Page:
Student Reflects on SVAD Tunisia Trip

SVAD and Tunisian art students working on the wall.

SVAD and Tunisian art students working on Tunis wall mural.

This June 6 SVAD students and 6 staff traveled to Tunis, Tunisia to learn about Tunisian culture and create relationships with Tunisian art students while collaborating on a mural project together. Below SVAD art student Stephanie Garcia shares how she experienced it:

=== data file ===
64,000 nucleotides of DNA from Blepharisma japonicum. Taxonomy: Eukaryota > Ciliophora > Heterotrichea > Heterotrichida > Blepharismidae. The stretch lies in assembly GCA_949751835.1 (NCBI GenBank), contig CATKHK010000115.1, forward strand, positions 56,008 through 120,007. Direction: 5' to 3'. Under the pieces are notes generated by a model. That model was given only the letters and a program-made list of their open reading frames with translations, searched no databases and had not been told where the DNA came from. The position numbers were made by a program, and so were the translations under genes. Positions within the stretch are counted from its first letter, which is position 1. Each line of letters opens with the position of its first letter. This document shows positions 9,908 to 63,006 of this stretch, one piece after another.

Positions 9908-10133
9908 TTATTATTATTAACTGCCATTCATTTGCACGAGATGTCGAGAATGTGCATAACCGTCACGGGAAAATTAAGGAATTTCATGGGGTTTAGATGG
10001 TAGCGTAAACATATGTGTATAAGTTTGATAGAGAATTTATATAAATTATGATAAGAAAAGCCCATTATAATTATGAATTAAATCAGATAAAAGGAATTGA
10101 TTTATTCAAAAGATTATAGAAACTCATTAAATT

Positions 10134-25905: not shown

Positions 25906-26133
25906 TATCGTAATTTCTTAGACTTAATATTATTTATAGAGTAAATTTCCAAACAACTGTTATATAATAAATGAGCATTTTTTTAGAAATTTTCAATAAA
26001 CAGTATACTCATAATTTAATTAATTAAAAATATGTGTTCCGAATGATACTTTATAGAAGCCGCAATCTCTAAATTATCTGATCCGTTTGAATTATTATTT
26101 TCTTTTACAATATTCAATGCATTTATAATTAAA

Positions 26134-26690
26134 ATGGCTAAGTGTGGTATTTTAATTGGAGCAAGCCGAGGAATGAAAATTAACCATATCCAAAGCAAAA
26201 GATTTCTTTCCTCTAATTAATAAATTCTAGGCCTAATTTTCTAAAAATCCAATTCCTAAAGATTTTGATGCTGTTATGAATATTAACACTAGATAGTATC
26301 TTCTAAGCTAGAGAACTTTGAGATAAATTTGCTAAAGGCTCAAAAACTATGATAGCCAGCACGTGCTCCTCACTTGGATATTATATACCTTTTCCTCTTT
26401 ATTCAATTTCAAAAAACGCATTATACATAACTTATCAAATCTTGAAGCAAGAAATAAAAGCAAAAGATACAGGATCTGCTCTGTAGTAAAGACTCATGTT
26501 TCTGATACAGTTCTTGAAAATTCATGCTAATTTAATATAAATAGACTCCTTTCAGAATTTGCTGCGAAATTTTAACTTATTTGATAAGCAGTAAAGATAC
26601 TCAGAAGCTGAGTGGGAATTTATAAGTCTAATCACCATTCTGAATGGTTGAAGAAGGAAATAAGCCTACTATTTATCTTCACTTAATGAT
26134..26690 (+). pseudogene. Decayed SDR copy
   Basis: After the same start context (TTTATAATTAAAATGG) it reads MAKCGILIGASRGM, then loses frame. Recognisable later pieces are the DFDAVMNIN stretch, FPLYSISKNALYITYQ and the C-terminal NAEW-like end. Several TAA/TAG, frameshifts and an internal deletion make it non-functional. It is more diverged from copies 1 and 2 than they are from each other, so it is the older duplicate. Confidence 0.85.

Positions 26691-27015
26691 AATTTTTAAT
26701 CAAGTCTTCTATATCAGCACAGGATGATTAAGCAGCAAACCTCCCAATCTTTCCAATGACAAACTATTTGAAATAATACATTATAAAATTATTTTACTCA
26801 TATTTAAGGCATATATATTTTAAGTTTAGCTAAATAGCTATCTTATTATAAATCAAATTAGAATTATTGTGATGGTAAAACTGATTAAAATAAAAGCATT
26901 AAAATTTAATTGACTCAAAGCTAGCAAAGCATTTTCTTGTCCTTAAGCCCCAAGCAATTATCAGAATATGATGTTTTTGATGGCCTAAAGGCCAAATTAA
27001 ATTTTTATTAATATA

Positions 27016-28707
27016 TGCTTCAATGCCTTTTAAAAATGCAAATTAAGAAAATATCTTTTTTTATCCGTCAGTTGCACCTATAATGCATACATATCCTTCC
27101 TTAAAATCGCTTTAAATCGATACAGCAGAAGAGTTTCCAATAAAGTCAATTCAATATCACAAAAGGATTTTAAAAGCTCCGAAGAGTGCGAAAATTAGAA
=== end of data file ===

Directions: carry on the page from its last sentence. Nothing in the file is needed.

When I first learned that I was able to go on the Tunisia trip, I was very excited and ready to experience a new culture and place. I honestly had no idea what to expect. But now that I’m back in the States after spending two weeks in Tunisia, it’s hard to put into words exactly what I experienced. From the second I arrived, I was overwhelmed with how different it was from home. The airport was small and yet chaotic. Driving in a taxi was also an experience in itself. I remember arriving in the area where we had to walk to our hostel and carry our suitcases through a maze of cobblestone alleyways. But arriving at the hostel was just the beginning of our journey. From then on it was a constant arrival of new people, meeting and greeting strangers who became very familiar quickly and trying to get adjusted to the lack of air conditioning. I remember meeting the Tunisian art students. They were all so genuine and curious to learn about us. There was no time wasted, and we started to partner up and talk about ideas for the wall. I was impressed with a lot of the ideas they had and how prepared they were. Once we actually started painting the wall, I was stunned by how fast some of them worked. They were each so confident in what they were doing and so willing to help. I never expected them to be so sweet and also giving. I learned that each of them had a story and they all had different lives, but art had brought us all together. They were each so talented and constantly encouraging us to keep going and giving us tips or suggestions on how to paint. I guess I learned that collaborations are truly all about communication. I thought it would be hard to understand them since they didn’t speak a lot of English, but they always found a way to show us what they meant. The wall turned out so beautiful and I was so impressed to see that it was so different but very unified at the same time. Tunisia had so much beauty, and the students had so much to offer. I hope that they realize they have changed how I view art and their culture.